To make sure it has the highest chance of success and the lowest risk of complication during and after surgery, the team prints and practices on a 3-D model of Violet’s bones, to work out the kinks before the stakes are high. Like with the Patriots, low-pressure practice let’s them be pre-emptive, not reactive, to surprises in the moment.
Another example is the U.S. Army. On the battlefield, soldiers must make split-second decisions constantly, with no margin for error. The Center for Army Lessons Learned repeatedly rehearses various scenarios in simulations and drills based on actual experiences so that mistakes can be remedied and aren’t made in the field.
Meanwhile, Alcoa drove its workplace injury rate to a mere fraction of the norm by making all close calls the trigger for examination and improvement of technological processes and people’s behaviors. In doing so, the aluminum maker avoided countless disabilities and deaths that would be “normal” elsewhere.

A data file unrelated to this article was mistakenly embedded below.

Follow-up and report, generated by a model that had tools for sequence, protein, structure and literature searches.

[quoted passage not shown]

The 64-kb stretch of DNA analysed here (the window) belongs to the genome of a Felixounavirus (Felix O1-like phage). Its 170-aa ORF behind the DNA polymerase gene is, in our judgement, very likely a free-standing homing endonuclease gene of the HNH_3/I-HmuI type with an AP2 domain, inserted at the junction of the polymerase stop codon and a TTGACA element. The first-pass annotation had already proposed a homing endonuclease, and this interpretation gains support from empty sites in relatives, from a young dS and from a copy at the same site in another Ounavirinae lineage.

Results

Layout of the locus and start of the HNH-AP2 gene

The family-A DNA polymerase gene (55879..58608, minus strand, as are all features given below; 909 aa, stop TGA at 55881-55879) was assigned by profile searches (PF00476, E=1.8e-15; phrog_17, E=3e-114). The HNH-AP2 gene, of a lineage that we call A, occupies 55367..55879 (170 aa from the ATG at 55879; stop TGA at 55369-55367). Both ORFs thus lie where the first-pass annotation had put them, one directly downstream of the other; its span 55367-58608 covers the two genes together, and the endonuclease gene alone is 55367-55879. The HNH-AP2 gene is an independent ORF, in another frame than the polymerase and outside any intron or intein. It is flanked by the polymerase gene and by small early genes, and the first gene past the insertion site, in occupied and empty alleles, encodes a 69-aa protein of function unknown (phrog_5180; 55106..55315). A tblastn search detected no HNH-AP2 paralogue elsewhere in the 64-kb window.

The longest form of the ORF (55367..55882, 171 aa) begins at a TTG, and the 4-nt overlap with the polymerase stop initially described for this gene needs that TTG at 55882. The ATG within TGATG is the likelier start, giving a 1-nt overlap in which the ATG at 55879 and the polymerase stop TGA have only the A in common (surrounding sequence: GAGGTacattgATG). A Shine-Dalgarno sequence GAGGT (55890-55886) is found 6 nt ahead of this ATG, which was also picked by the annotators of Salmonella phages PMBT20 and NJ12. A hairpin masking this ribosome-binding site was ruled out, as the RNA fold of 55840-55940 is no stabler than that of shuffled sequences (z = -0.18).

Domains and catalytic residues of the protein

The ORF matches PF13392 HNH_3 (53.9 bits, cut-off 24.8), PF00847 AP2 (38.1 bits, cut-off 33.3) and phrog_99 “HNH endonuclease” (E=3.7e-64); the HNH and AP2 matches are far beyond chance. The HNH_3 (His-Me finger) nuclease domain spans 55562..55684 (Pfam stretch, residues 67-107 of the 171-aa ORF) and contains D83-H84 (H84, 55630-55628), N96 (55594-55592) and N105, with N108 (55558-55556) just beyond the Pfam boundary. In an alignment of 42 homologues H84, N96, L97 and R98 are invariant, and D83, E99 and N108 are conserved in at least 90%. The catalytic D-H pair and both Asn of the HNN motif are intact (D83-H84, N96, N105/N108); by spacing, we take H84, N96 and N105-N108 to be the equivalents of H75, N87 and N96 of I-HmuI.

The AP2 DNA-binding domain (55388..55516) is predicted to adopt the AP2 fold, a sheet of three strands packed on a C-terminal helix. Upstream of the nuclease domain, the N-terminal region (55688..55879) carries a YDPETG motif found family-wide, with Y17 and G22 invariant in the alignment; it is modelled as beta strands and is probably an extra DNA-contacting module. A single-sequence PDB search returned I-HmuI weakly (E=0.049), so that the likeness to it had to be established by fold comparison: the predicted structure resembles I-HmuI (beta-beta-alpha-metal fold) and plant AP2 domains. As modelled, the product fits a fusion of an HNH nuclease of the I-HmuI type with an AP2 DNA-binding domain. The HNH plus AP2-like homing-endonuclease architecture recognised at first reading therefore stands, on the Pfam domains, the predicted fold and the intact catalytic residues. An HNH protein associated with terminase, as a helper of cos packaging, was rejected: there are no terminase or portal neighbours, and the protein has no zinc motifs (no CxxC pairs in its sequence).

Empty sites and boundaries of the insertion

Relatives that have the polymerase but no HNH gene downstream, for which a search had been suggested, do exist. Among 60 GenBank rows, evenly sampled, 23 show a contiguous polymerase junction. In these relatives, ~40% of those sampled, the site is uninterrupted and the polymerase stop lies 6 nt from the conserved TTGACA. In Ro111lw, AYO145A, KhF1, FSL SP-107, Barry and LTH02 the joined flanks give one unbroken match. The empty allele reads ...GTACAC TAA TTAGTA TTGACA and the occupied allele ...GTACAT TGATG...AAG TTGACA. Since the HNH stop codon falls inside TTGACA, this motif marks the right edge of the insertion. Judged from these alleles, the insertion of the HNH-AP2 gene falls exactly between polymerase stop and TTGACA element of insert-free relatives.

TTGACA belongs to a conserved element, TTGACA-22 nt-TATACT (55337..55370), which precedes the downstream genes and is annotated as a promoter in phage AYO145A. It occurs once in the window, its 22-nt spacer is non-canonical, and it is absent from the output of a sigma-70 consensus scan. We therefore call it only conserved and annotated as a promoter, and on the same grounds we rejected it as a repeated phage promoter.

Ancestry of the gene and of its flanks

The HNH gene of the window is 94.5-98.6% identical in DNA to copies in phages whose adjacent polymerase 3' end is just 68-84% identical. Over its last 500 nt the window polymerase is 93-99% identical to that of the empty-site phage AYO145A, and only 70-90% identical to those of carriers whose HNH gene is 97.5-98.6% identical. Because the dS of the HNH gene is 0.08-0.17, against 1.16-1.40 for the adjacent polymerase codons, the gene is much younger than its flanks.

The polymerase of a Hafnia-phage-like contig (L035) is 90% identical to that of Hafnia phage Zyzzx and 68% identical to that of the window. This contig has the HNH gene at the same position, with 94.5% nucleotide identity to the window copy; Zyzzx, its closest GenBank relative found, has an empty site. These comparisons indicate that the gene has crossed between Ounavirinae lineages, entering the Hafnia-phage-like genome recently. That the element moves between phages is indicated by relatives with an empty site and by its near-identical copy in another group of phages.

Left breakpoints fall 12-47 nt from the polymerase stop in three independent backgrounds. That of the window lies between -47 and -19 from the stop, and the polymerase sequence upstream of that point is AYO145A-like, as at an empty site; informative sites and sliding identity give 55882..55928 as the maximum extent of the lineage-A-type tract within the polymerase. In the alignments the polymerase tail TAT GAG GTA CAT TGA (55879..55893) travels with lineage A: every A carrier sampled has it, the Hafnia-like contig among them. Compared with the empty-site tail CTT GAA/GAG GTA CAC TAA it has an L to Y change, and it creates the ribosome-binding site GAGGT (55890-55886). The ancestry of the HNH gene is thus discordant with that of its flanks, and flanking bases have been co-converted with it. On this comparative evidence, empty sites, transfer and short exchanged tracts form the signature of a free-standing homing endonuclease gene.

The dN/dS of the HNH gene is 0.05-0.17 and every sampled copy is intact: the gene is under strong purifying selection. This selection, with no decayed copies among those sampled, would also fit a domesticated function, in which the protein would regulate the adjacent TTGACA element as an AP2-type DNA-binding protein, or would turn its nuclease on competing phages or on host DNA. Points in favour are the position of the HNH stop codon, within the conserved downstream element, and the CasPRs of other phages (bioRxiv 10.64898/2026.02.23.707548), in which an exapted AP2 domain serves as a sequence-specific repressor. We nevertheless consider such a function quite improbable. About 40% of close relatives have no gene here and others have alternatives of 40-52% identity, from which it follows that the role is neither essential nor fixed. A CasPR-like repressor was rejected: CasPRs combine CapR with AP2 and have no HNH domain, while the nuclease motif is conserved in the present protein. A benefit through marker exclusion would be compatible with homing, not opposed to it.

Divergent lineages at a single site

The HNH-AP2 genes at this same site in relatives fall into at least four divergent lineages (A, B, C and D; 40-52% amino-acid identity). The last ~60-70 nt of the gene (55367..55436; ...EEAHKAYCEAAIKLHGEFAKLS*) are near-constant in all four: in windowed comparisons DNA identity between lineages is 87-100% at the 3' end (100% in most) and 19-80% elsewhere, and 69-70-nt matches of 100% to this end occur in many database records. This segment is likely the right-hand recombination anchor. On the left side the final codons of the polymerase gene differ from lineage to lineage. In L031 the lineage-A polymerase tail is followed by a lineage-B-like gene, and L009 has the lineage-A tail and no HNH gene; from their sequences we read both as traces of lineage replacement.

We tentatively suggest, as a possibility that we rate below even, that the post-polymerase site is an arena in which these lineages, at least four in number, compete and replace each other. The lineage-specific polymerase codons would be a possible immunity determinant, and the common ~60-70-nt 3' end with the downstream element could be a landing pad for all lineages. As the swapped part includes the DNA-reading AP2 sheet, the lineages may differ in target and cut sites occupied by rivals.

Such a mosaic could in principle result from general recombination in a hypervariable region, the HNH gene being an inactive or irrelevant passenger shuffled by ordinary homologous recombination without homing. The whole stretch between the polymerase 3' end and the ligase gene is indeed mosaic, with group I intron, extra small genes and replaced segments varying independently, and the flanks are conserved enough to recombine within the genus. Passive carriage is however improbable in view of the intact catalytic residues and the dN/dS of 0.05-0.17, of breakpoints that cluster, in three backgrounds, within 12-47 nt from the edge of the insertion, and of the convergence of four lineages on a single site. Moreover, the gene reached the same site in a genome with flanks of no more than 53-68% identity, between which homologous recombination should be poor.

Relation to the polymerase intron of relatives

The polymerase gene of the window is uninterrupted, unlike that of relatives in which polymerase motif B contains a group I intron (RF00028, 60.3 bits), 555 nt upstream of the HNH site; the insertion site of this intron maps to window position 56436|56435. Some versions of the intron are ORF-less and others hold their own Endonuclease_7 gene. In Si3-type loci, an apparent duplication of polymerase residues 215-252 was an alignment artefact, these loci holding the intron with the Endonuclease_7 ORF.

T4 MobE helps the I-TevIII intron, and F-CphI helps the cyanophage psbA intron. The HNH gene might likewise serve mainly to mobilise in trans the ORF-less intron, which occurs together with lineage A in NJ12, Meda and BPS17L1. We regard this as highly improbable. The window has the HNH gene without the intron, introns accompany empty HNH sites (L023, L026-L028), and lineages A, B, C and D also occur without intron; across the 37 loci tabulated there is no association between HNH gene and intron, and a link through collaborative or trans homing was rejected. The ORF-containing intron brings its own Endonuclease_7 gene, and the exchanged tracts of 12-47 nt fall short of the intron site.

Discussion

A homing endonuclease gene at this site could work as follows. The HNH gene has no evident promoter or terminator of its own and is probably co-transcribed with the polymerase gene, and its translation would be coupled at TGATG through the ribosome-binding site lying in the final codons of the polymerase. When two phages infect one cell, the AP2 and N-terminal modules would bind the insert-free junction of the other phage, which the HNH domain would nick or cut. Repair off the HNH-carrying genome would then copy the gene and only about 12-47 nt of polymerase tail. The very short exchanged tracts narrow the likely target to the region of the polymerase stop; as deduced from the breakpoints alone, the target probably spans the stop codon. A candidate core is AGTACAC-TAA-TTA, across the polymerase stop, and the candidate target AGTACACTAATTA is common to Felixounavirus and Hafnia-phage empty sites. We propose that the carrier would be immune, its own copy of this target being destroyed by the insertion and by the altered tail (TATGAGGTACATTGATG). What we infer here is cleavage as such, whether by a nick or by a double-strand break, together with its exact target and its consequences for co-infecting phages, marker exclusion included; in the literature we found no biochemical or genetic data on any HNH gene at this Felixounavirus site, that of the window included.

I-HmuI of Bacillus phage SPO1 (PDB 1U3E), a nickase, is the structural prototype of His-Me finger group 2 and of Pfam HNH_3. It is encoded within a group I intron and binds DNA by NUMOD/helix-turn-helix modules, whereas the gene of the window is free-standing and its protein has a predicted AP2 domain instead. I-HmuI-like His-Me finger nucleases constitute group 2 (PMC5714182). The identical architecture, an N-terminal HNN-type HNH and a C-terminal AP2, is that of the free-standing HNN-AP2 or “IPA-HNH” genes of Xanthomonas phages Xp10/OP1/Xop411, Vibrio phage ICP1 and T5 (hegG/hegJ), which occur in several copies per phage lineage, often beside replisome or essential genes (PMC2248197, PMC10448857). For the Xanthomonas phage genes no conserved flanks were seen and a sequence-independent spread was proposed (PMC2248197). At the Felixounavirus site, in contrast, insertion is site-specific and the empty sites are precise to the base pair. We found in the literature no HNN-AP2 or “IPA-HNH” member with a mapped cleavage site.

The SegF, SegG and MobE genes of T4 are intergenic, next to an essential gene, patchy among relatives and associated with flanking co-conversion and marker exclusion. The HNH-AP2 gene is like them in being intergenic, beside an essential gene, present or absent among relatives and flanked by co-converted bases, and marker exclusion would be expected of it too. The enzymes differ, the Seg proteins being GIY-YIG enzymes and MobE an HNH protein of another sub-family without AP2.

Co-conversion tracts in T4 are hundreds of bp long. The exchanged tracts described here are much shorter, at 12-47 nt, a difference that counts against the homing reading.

Improving Police–Public Relations
Putting body cams on police officers offers a similar opportunity to catch small problems early to prevent bigger ones from flaring up.
With so much tension between police and some of the communities they serve, officials have been scrambling for solutions. Some have proposed a seemingly easy one: equip police with body cameras to record interactions with the public.
Two assumptions seem to be behind this idea. First is that simply wearing cameras will make officers more cautious. Second is that when something goes wrong, the video will give the public and officials alike tools to assign potential blame.
The problem is that both of these are based on preventing or punishing officers from doing wrong, not on preparing police (or the public for that matter) to do things right.
However, if employed like the Patriots used game film, the surgeons studied 3-D bone models, or the Army learned from soldiers’ experiences, body cams on police can solve problems before they spill out of control. Used with related processes, they can improve both police behavior and community faith in law enforcement. The most valuable use of this technology is not reactive. It is for pre-emptive high-speed learning.